Another Business is Using Our Name – What Should We Do?

Your business’s intellectual property is what makes your brand unique and helps you stand out in a crowded industry. When an individual or business infringes on your mark it can have a significant impact on your brand’s success. Confused consumers could be steered away from the products or services you offer. Even worse, your brand’s reputation could be damaged, if the infringer offers inferior products while using your business’ respected name.

While taking legal action against another business can be stressful, it’s important to assert your trademark rights, so that you can maintain control of your business name in the future. Outlined below are several steps, that help walk you through what should be done if another business is using your business name.

1. Engage an Experienced Trademark Attorney to Help You Understand Your Rights

While it’s important to take action against trademark infringement, we don’t recommend that you tackle the challenge of asserting your trademark rights on your own. Instead, partner with an experienced trademark attorney, who can help you understand and navigate your rights as a registered trademark owner. Your attorney will assess the potential infringement and decide which legal action(s) would be most appropriate. While you continue to focus on building your brand, your attorney will work to protect it.

2. Determine the Likelihood of Confusion Between the Brands with the Same Name

It is possible for two businesses to use the same business name without conflict, as long as the likelihood of confusion between the two brands is low. One example of two businesses using the same name is Delta, which is associated with both an airline and a faucet manufacturer. Because consumers aren’t likely to confuse faucets and air travel, both businesses can use the same name.

Consider the products or services offered by the other business that is using your name. Is there a possibility that consumers could confuse your brands? If there’s little chance of confusion, both businesses may be able to continue using the same name. However, if the products or services offered by the other business are similar to your own, and therefore easily confused, you may need to take action. Your attorney will assist you in determining whether there’s a likelihood of confusion in the marketplace.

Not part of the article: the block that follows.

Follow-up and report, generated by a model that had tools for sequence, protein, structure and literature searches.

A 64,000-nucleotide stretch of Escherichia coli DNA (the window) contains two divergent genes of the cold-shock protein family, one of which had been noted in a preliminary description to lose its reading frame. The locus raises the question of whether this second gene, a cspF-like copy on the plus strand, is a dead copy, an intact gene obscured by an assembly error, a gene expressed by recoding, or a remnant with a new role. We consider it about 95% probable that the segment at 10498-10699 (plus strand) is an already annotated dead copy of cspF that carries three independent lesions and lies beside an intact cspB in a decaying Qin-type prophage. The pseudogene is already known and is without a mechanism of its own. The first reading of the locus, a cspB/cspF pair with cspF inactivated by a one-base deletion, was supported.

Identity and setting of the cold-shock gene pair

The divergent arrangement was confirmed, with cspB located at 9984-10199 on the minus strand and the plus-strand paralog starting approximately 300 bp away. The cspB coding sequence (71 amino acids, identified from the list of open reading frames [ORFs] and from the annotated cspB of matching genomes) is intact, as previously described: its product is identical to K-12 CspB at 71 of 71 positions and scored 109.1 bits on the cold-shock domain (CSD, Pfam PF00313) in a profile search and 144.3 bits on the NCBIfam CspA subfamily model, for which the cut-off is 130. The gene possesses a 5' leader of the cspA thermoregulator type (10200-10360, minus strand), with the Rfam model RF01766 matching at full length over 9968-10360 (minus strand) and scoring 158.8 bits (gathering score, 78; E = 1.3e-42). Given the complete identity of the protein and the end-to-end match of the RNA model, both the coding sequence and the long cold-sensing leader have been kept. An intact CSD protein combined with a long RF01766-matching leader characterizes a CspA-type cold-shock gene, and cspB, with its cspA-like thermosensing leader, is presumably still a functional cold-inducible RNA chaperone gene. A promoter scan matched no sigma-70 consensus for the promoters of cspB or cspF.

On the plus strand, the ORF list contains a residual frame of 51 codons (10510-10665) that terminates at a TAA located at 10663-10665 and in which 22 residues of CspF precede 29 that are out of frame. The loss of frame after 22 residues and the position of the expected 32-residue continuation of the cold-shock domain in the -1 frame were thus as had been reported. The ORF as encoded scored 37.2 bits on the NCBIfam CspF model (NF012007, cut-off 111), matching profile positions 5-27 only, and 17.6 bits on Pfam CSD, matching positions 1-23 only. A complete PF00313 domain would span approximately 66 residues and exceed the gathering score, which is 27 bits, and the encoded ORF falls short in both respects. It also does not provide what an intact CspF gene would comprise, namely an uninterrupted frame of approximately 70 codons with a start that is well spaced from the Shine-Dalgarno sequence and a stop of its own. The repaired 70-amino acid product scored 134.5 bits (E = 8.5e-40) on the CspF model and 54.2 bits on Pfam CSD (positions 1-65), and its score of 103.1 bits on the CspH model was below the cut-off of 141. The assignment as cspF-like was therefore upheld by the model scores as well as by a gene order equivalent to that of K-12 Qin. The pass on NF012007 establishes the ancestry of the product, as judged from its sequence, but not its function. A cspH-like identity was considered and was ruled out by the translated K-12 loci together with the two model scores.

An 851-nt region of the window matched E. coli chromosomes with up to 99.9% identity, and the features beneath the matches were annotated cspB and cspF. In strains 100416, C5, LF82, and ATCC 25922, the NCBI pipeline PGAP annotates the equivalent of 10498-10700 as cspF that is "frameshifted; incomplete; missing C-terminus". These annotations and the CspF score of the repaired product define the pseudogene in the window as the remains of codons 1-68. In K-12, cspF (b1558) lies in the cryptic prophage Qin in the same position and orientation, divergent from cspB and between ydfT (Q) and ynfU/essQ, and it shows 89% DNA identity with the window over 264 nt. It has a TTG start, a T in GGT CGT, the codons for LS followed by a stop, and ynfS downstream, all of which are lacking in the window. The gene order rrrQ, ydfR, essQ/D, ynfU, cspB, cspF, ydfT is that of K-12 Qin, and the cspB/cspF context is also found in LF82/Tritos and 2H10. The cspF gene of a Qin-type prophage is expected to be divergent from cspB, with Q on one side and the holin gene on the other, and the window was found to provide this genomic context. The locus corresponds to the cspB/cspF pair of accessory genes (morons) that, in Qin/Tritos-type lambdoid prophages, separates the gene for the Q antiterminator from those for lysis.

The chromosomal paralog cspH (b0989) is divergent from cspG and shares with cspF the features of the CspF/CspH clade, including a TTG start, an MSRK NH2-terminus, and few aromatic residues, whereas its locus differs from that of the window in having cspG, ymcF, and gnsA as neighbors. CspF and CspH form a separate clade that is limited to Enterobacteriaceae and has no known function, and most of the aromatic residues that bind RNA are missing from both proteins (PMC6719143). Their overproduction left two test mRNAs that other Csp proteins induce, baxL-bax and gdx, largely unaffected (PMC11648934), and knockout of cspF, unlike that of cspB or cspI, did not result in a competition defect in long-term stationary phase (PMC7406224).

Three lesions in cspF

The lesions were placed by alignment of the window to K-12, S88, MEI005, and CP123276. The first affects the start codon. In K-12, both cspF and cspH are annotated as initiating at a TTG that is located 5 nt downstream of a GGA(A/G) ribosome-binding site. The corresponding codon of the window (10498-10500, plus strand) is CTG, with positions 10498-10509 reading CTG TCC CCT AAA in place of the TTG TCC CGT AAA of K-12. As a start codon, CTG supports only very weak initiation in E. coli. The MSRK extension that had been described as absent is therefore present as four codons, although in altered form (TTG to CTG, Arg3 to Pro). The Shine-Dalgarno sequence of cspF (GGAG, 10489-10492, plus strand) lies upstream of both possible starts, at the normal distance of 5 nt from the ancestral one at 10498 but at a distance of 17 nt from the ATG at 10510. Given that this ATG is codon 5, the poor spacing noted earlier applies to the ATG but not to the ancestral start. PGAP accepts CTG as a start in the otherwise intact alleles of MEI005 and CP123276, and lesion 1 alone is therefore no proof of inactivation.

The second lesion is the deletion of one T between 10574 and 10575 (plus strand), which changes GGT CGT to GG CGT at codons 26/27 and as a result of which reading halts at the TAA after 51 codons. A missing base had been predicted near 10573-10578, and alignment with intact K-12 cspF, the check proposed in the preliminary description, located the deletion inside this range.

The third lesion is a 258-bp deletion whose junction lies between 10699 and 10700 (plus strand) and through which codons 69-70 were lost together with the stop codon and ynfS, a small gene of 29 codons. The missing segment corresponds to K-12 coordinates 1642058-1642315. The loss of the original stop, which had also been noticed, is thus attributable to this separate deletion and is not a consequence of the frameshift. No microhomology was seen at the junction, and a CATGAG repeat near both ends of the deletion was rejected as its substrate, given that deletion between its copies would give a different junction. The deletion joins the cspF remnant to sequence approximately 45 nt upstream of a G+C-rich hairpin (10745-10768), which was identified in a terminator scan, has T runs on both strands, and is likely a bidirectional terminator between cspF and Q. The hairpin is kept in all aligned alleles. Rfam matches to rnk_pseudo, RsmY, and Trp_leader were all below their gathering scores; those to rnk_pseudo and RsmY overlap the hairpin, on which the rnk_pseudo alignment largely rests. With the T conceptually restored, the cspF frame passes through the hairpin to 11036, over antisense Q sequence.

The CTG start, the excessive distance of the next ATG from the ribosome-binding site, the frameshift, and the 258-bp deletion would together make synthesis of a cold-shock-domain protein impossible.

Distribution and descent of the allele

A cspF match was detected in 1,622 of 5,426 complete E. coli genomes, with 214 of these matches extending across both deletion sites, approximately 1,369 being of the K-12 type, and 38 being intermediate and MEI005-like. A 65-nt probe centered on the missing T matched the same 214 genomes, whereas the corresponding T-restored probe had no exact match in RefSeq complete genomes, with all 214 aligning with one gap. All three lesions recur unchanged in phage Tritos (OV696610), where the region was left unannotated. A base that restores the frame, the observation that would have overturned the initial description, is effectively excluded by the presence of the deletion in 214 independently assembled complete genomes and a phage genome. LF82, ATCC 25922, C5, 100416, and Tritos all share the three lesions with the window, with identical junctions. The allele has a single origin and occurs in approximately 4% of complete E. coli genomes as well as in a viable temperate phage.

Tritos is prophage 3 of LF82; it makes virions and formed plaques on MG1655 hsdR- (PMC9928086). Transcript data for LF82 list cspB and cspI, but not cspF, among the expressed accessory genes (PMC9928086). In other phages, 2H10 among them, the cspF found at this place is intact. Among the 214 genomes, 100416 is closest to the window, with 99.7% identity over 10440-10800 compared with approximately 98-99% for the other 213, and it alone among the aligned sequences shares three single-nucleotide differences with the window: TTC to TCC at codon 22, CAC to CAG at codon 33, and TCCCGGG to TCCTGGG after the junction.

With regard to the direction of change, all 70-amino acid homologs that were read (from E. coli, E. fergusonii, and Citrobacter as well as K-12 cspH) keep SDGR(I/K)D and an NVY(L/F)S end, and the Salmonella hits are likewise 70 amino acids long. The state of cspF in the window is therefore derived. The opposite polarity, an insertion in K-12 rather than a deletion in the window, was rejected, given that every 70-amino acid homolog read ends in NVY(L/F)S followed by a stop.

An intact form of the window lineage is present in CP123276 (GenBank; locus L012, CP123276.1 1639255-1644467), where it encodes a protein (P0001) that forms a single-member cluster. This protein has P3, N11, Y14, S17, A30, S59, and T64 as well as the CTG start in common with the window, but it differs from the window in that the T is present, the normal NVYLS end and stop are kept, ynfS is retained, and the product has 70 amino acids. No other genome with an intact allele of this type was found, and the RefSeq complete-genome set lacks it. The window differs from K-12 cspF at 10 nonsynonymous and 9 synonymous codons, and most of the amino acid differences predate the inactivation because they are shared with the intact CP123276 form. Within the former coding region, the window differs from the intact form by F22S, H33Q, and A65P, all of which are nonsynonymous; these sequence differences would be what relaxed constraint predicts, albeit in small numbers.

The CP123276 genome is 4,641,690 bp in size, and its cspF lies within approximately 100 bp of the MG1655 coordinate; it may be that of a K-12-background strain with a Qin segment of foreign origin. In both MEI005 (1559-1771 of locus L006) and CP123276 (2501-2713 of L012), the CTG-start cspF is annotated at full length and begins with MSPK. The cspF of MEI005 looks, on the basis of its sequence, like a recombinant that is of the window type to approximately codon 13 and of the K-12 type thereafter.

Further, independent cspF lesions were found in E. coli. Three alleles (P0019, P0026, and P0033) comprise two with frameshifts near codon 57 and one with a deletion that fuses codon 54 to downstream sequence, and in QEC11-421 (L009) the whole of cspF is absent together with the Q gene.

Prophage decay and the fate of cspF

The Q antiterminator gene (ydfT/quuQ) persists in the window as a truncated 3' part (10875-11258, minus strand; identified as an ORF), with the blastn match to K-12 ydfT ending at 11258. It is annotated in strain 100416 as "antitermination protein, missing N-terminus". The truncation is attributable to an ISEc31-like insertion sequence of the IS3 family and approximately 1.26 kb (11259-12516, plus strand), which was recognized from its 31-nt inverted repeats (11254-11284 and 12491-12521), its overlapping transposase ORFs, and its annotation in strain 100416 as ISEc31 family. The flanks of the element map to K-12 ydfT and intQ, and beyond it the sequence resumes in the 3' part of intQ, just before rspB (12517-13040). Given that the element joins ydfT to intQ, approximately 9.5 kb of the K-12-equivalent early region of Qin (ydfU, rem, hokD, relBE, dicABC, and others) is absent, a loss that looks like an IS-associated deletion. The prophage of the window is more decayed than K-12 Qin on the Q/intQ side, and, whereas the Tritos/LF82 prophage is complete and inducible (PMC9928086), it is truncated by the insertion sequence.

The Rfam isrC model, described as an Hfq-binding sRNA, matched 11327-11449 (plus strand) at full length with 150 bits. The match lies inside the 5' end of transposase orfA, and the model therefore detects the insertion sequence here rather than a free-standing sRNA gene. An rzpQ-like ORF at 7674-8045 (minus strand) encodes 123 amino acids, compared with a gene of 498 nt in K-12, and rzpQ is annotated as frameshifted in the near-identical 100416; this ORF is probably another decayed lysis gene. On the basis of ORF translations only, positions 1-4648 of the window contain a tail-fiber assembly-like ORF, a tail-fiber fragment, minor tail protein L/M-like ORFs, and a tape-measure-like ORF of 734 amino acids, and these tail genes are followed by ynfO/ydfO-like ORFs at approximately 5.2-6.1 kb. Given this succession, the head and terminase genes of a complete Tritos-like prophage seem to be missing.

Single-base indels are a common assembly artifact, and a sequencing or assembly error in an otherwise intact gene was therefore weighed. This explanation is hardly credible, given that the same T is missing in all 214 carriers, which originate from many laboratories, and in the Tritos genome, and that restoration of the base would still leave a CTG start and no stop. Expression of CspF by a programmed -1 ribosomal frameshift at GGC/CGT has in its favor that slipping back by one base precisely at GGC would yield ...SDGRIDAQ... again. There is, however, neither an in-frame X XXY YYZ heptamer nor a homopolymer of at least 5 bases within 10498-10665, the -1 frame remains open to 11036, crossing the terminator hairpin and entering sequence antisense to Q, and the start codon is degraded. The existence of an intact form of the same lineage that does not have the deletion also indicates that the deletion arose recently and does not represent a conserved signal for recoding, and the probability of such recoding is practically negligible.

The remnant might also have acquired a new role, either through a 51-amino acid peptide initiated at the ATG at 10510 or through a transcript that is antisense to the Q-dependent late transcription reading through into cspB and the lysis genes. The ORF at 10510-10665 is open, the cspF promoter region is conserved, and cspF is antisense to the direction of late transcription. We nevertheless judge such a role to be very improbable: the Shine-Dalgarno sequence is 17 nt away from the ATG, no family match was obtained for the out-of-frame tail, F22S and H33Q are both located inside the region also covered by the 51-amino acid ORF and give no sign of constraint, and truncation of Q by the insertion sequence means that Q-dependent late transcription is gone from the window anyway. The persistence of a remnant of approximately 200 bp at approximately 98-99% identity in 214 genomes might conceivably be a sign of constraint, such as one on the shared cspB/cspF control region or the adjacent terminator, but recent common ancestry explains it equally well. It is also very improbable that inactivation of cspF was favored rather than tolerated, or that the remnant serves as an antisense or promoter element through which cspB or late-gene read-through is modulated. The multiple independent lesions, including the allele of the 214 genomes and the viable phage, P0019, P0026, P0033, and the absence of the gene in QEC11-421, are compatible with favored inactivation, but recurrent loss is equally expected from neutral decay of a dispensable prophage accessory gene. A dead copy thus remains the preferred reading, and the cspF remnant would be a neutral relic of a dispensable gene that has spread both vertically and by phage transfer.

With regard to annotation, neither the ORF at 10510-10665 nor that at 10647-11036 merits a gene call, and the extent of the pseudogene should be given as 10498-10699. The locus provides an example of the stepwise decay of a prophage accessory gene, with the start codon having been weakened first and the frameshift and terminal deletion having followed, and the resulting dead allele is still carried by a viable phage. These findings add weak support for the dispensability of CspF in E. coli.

3. Take Appropriate Legal Action

If your attorney determines that the other business’ name is confusingly similar to your own, they’ll want to act swiftly, to put the infringer on notice before damage can be done to your brand. Each instance of infringement is unique, and the action taken varies from business to business. The action you can take is also dependent upon whether your trademark is federally registered.

In many cases, a cease-and-desist letter, written by your attorney, is enough to stop the infringement. You may also need to resort to more formal legal action, such as filing a complaint in federal court.

Ultimately, if another business in your industry begins using your business name after you’ve used it in commerce, you are likely within your rights to ask them to stop.  That said, before you send a cease-and-desist letter, you should consult with a trademark attorney because any legal claim is very nuanced and depends on the facts of your situation. An attorney will be able to determine what steps you should take in your specific case.

You’ve worked hard to create a unique business name, and maybe you’ve even built a strong following for your brand, so it’s understandable to be concerned when you find another business using the same name. If someone else is using your business’s name, contact a trademark attorney at Gerben IP. We can help you to determine whether the other business’ mark is confusingly similar and can assist you in asserting your legal rights.

Josh Gerben, Esq.

Josh Gerben, Esq. is the founder and principal of Gerben IP. In 2008, Mr. Gerben started the firm to provide high-quality trademark services at reasonable prices. Today, he is recognized by the World Trademark Review as a top trademark filer, having registered over 7,500 trademarks. The contents of this blog are for informational purposes only and may not be relied on as legal advice.

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